The program opened with Prelude and Scherzo for String Octet Op. 11 by Dimitri Shostakovich (1906-1975). Faculty artists Kim and Gregorian were joined by Nyamsaikhan Odsuren and Florrie Marshall on violin, Wang and Laura Morgan, violas, and Gruber and Jesse Smith, cellos.
After Shostakovich’s father died in 1922 while he was a student at the Leningrad Conservatory he had to take a job as a pianist at a movie house to support himself. In this period he intended to write a fugue for the prelude but instead decided to develop it into a five movement suite for string octet. Only later did he pair it with the Scherzo. This youthful, expressive music is cheeky and brash with dissonance and propulsive rhythms that give it a natural flow. The performance was vivid and often explosive, provoking emotion, both sad and troubled but also fast and angry. This youthful piece contained a sound spectrum that Shostakovich would draw on in his future compositions.
The pieces that followed explored the rich history of string chamber music. Next came the Piano Quintet in F minor, Op. 34a (1861) by Johannes Brahms, a youthful work that had a difficult birth. He recast the music for various instrumental combinations, finally settling for piano and string quartet. We heard the third and fourth movements. The low pizzicato cello notes of the Scherzo are a launching pad for the syncopated main theme that develops in the strings and explodes into a minor key march followed by a flowing, lyrical interlude played with verve and passion. The Finale has its own kind of fury that might be a precursor for Shostakovich. After an ominous introduction it builds into a fast rondo with the arrival of an impetuous introduction over a nervous, almost galloping accompaniment.
We heard the first movement of the Antonin Dvorák (1841-1904) String Quintet No. 3, Op. 97. It is known as the “American," since the music incorporates a transformed fragment of an American-Indian drum rhythm, with pentatonic themes and short, oft-repeated phrases. Dvorák had vacationed in Iowa in summer 1893 where he heard Indians performing their music.
The first movement of Tchaikovsky’s String Sextet in D minor, Op. 70 followed with prominent cellos played by Randy Ward and Emanuel Gruber. The music is sunny and lyrical.
The closing of the first section was a spectacular performance of the complete four-movement Concerto for Four Violins in B minor, RV 580 by Vivaldi with the Next Generation Chamber Orchestra and four violin soloists: Wang, Kim, Gregorian and Amelia Dietrich, a sophomore at ECU. The grandeur of the playing deserved a harpsichord.
After intermission thirty-seven GSA students and director Jeffrey Phelps joined 24 ECU students, 6 ECU faculty, 2 guests and 37 students to play Benjamin Britten’s Simple Symphony, Op.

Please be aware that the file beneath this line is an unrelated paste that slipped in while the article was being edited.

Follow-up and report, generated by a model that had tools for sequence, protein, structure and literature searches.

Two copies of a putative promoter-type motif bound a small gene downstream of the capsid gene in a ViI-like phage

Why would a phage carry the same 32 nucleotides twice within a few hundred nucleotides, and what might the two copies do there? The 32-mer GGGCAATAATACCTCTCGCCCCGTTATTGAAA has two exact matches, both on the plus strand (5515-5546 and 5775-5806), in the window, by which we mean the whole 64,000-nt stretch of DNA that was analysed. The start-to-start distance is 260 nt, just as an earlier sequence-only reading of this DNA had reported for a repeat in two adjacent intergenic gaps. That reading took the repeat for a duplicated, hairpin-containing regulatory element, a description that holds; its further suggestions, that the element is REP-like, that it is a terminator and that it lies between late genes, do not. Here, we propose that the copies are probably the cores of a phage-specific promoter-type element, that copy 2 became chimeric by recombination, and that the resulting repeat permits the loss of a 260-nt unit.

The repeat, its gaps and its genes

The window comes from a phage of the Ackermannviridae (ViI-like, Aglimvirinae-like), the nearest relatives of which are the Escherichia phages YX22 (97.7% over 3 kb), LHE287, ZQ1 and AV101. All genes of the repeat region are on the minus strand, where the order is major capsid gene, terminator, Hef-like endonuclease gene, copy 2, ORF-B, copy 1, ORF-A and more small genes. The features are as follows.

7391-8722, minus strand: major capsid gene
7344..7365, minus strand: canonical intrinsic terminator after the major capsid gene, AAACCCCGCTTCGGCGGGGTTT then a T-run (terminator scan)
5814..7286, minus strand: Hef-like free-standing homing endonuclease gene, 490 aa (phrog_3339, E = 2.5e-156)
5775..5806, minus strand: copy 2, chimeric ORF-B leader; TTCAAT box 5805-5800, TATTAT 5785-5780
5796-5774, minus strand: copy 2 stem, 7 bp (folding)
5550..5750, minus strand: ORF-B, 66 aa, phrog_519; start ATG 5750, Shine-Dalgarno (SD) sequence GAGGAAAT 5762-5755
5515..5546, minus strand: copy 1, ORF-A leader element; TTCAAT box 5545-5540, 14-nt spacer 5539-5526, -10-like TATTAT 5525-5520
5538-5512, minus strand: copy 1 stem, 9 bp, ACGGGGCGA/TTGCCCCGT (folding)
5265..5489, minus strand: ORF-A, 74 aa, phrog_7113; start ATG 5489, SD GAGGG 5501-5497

Britten, like Shostakovich, was certain of his vocation at an early age. Both used the extended atonal vocabulary of the early twentieth–century avant garde as a tool to expand their sound spectrum. Each in his own society captured the imagination of a large audience that continues to grow. Britten and Shostakovich were contemporaries and friends. Their mutual appreciation for the other’s talent had Shostakovich dedicating his 14th Symphony to Britten.
Britten at age twenty recast a handful of piano tunes and song melodies from his pre-teen years into this four-movement symphony. The first movement, Boisterous Bourée, with its colorful twists and turns, shows us the work of a maturing composer who is holding on to his youthful spirit. The contrast of treble strings versus bass strings in the Playful Pizzicato movement derives from a scherzo for piano Britten wrote when he was eleven. There is charm in this array of musical colors.
The Sentimental Sarabande movement unfolds with a somber main theme in the violins over a stubborn, deep, rich bass pedal. The second, a waltz-like melody, was translucent by comparison. It ended with gentle repeating chords. The dramatic opening chords of the Frolicsome Finale take off, recalling the first movement cello theme. A very busy but gentle section follows, creating a sense of floating. After a pause we heard a kinetic, brief coda. The way this popular symphony is scored offers technical ease for amateur ensembles and student orchestras and offers the listener sparkling pleasure in the hearing of itThe ensemble took up a quarter of the room and inundated the audience with their glowing, resonant string sound. .
It is wonderful that the GSA students were given the opportunity to hear and also to perform with talented professional players and ECU students in accessible twentieth-century music.